It was the lately immovable defense of the Washington Bullets against the recently unstoppable offense of the Chicago Bulls tonight.

Don't ever bet against the offense in the NBA. And, as Bullet Coach Gene Shue said, "We sure have trouble scoring."

The Bulls had averaged 118.7 points in their last three games; the Bullets had allowed only 96.1 a game their last nine contests. But the Bulls overcame two Bullet rallies to win, 114-108, giving the Chicagoans a 9-12 record and three victories in their last four tries. The loss dropped the Bullets to 8-13 and was their second defeat here this season.

The bullets stayed close for most of the first half and led, 53-52, on Wes Unseld's basket about two minutes before intermission.

Then the Bulls caught fire, scoring the next six points before halftime and the first six of the third period. By the time unseld scored again, two minutes into that quarter, Chicago was ahead, 64-55.

"Right before the end of the half I thought we had control and we turned the ball over," Shue said. "Then we went very, very cold at the start of the third quarter. That was the turning point. We can come back, but we can't dig that much of a hole for ourselves."

"I looked up in the third quarter and we were down by 15 points (75-60)," Kevin Porter said. "Even when you battle back you lose steam in the forth quarter."

That's just what happened. Donw 86-68 heading into the fourth, the Bullets scored the next nine points.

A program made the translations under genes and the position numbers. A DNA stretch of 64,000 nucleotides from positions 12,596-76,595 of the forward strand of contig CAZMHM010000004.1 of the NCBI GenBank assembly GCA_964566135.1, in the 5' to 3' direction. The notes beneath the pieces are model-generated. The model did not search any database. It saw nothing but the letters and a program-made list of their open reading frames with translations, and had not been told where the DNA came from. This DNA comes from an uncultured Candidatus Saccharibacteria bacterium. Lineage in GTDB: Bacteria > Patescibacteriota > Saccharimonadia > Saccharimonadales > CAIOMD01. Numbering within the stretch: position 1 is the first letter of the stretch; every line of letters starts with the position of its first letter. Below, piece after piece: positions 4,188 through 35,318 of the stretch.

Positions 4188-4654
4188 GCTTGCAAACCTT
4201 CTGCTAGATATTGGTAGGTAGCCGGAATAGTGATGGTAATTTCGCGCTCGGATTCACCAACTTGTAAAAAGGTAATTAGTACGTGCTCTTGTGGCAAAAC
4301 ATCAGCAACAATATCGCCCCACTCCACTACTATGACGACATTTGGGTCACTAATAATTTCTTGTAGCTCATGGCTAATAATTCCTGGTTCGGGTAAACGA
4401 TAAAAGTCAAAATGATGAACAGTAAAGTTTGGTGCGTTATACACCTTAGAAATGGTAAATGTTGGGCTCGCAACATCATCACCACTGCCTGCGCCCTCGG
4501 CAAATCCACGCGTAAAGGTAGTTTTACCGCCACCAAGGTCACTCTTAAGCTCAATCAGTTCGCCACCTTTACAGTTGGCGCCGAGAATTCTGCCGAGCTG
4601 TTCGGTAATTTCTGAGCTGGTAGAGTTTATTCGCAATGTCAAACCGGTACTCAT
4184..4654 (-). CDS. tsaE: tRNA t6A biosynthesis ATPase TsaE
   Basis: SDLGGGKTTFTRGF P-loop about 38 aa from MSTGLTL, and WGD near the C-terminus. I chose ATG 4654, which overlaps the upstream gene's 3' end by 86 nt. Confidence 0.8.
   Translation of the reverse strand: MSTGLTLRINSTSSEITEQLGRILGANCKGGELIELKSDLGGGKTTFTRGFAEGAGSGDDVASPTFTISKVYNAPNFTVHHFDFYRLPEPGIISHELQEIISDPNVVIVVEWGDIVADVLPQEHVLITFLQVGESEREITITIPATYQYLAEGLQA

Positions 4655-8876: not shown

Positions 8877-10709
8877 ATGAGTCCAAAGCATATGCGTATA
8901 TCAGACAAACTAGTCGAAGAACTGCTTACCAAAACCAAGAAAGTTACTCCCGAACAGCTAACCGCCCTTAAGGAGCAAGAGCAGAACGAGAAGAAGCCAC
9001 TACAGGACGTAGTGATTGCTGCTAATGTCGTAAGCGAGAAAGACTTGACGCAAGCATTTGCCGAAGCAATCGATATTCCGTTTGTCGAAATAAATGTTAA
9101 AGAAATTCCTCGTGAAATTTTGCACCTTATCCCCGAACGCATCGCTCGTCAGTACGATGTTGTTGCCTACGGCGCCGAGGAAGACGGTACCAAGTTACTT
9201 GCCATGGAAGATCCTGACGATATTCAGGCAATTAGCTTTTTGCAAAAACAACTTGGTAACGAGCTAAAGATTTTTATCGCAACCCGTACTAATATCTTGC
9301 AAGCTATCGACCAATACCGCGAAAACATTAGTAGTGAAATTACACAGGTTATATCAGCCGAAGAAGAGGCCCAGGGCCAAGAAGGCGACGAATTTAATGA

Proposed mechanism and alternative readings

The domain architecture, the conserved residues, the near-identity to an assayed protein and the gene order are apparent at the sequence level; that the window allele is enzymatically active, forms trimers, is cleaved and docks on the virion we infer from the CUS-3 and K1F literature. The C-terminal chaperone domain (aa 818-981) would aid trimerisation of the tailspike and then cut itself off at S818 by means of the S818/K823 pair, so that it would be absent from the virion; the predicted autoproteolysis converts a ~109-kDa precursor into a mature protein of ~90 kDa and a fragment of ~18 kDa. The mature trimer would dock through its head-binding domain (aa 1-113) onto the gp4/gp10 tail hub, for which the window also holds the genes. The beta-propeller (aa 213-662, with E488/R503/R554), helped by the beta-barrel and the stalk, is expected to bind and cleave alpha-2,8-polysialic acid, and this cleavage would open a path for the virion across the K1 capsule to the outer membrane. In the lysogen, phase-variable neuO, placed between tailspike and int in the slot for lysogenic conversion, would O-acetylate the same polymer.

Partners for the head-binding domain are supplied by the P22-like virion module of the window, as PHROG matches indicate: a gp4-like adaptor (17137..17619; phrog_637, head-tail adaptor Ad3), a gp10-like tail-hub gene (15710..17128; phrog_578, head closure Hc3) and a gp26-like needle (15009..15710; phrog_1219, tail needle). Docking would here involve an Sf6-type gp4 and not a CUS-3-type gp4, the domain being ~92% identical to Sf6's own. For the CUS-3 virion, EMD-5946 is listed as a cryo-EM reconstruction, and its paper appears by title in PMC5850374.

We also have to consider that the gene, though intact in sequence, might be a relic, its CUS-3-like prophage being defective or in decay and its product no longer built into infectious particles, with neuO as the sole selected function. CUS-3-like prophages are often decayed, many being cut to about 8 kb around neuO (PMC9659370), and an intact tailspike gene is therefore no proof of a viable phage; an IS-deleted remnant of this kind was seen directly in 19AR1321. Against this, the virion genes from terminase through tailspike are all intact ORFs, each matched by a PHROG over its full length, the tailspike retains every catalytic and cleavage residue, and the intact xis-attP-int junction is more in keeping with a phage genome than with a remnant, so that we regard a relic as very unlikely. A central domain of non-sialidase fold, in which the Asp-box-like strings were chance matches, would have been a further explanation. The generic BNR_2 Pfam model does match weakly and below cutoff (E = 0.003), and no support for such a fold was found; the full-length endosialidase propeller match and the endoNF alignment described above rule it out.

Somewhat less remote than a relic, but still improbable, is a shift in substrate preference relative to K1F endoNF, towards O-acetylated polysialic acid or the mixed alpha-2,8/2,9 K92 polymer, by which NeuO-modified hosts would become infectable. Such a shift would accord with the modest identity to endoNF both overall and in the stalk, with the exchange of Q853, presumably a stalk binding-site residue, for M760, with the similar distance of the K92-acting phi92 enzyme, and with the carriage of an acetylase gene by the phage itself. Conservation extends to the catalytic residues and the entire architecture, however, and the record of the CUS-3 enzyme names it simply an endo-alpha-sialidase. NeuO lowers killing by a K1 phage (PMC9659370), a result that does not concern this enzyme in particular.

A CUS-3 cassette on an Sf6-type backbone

Mitch Kupchak started with a dunk, followed by Kevin Grevey's two free throws, Kupchak's rebound basket and free throw and Carlos Terry's two buckets. Chicago center Artis Gilmore stopped the streak with two free throws.

The Bullets again closed, to 96-89, on Elvin Hayes' shot with 6:25 left, but the Bulls ran off the next six points.

Bulls Coach Jerry Sloan, who has his players in a running mood -- they scored an NBA season-high 45 points in the first quarter againstt New York Friday -- saw them slowed by the Bullets.

"Washington has big people and they run the clock down," Sloan said. "It's tough to run against a team like that. It's tough to get the ball out because you have to stay in and rebound against them."

The Bulls rebounded like they scored points, winning the board battle, 50-40. The 7-foot-2 Gilmore had 15 rebounds, tying Hays for game honors. Gilmore also scored 21 points for the Bulls. Larry Kenon was high for the game with 26, while David Greenwood had 20 and Reggie Theus 18. The Bulls shot 51 percent.

The Bullets shot 46 percent and had trouble getting Hayes the ball. When they did, he made only five of 18 shots. His 10 points were matched by Greg Ballard, Unseld and Wesley Matthews. Grevey led Washington with 19, while Kupchak and Porter had 15 each.

Hayes played 36 minutes, having to sit out much of the third quarter with four fouls.

"'E' gets no respect anymore. Me either," Grevey said. "But you can't pout about that."

The Bullets lost here, 104-96, earlier this season and Porter said the Bulls "have improved 100 percent" since then. "Like night and day," he said. b

"They've got good depth," Grevey said. "That's what you need in the NBA. They have the ability to have a very good team."

And, as Shue said, "We're having trouble matching up against anyone." The defense is there "but we sure have trouble scoring."